The afternoon deal: UAL-Continental ripples

Passengers are reflected in the mirror of the departure terminal as they board an aircraft to fly in the northern part of Cyprus, April 19, 2010. REUTERS/Murad Sezer The UAL-Continental merger will, no doubt, have a big impact on the two companies involved, but will the merger affect the industry, airline share prices or the experience of travelers? That’s up for debate. Here are some facts and opinions on the deal:

Factbox: Continental, United plane orders worth $22 billionReuters

Factbox: The new United AirlinesReuters

Timeline: United/Continental would create largest airlineReuters

Continental Name Change: So Long, Proud BirdWSJ

Then There Were ThreeThe Huffington Post
“Will it help the industry overcome a trail of losses dating back to the Reagan era? I doubt it. Why? Because airline deregulation was based on a flawed premise, and mergers don’t change conditions enough to remove the fallacy.”

What Sealed Continental-United Deal? JealousyWSJ

The Ups and Downs of United-Continental for TravelersWSJ
“What’s really in the United-Continental merger for travelers? Potential short-term pain, and potential long-term gain.”

Continental-United’s Jerry Maguire Moment - WSJ
“At times the call sounded like a love scene straight out of Jerry Maguire: ‘Our networks complete each other,’ said United CEO Glenn Tilton.”

Latest Airline Marriage Probably Won’t Be The Last - Forbes
“With industry costs rising, the deal between Continental and United probably won’t be the end of consolidation in the skies.”

TWA, Pan Am, Eastern… and now Continental

As long expected, UAL is buying Continental Airlines for about $3.17 billion in stock, forming the world’s largest carrier and further shrinking the U.S. airline industry. It’s the biggest deal in the market since Delta’s 2008 purchase of Northwest, and retires another storied brand from the days when air travel was as much about glamor as it was about getting somewhere. The combined company will have 10 hubs, with Houston as its largest, and a workforce of nearly 90,000.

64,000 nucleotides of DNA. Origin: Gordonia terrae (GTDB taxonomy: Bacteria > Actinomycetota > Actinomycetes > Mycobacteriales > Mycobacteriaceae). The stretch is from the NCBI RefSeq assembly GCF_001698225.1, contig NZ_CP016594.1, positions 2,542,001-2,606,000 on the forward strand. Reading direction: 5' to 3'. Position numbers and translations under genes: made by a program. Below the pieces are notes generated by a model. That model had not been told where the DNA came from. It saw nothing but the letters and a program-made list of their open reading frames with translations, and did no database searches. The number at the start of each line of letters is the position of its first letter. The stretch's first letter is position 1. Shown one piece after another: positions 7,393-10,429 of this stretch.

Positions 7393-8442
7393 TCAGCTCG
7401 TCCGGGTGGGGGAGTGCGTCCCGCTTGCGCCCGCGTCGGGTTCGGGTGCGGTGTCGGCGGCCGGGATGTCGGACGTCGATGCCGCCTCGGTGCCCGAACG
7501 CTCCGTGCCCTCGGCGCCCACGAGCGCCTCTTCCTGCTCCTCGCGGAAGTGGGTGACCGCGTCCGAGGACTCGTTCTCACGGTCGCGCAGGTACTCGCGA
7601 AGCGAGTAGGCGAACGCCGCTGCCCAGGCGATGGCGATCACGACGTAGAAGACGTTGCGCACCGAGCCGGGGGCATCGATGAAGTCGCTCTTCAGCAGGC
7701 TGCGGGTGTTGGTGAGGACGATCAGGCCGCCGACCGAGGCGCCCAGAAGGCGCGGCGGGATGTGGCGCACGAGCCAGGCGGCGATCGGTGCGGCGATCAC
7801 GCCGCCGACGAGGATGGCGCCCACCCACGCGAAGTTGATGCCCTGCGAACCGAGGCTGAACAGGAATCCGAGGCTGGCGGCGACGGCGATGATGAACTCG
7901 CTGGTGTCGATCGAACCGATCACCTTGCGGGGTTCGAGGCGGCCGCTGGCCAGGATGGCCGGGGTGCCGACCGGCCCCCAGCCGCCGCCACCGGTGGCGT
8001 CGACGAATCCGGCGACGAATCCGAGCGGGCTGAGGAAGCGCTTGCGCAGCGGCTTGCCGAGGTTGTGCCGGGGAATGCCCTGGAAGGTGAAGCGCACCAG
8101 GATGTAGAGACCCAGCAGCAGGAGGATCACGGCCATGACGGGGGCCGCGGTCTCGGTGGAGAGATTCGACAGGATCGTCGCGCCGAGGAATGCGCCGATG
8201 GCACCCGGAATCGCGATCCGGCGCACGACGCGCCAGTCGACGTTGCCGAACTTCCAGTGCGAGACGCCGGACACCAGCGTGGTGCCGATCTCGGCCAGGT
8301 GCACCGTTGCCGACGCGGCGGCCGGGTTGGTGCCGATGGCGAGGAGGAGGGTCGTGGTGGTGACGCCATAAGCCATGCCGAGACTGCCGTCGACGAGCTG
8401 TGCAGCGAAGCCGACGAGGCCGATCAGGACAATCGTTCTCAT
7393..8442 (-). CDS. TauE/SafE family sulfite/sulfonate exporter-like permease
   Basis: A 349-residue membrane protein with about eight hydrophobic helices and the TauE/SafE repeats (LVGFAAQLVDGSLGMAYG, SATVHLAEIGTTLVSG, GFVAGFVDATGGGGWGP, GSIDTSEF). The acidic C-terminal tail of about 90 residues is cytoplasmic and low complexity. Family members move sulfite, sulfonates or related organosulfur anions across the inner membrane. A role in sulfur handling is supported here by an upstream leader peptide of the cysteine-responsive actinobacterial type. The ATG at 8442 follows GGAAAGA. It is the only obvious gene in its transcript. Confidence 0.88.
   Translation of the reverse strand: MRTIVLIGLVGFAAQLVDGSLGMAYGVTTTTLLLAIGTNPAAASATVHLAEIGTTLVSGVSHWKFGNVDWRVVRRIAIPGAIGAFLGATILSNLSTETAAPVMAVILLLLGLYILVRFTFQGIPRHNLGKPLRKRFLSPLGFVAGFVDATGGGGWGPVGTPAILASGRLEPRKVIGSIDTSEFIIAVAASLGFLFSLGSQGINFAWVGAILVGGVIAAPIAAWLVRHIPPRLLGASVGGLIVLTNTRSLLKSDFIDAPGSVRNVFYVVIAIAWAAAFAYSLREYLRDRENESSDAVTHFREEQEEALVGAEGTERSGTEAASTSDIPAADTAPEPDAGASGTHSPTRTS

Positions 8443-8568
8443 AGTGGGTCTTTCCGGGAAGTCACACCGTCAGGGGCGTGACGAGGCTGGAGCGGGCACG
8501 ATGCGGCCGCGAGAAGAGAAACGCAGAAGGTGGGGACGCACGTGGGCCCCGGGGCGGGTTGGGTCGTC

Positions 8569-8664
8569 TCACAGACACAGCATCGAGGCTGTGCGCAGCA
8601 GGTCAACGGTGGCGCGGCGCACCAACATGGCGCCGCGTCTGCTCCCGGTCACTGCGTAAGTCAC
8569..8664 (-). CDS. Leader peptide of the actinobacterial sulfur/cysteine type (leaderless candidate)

Continental Chief Executive Jeff Smisek will run the Chicago-based combined airline, but the brand will be UAL. The deal is expected to produce $1 billion to $1.2 billion in annual revenue and cost benefits for the combined company by 2013. One-time costs of about $1.2 billion are expected over a three-year period.

The companies expect to complete the transaction in the fourth quarter of 2010.

John Crawley reported late last week that while the deal should pass regulatory muster, the carriers should not expect a Justice Department review to be as swift Northwest’s, which was deliberately timed to be considered by the business-friendly Bush administration.

from Commentaries:

Debt albatross tails Conti Schaeffler

FRANCE-PROTESTS/    The war between Continental and Schaeffler rumbles on. Karl-Thomas Neumann has got board assent for the capital increase he wants to pay down Continental's heavy debts, a hard-fought for move that is likely to dilute the company's largest shareholder Schaeffler.
    But it is only a partial victory for the chief executive of the German auto parts group -- and one that may yet turn out to be Pyrrhic. Neumann may yet be ejected from Conti for resisting Maria-Elisabeth Schaeffler and her right-hand man Juergen Geissinger (CEO of the privately-owned ball-bearing maker).
    Schaeffler has already seen off several former Conti bosses -- Manfred Wennemer left in August last year and CFO Alan Hippe has since quit. If it succeeds in pushing out Neumann and replacing him with its own candidate, Elmar Degenhart -- at a meeting scheduled for August 12 -- Schaeffler will then certainly push ahead with the sale of Conti's well-known rubber business as a way of reducing its 11 billion euro debt.
    Conti and Schaeffler have been deadlocked since the private group took a majority stake last year after an acrimonious takeover battle. Schaeffler's ability to exercise control is constrained by its own heavy borrowings, much of which are against Conti stock which has lost two-thirds of its value.
    Meanwhile, Conti is also labouring under massive borrowings, which its banks would like it to reduce. Both groups are at odds over how to reconcile their differing interests. Schaeffler, which has entered into a standstill agreement which prevents it from taking over Conti till 2012, does not want the target to issue more equity because it doesn't have the cash to follow its money. Nor does it want to merge with Conti because it fears the exchange ratio would be disadvantageous.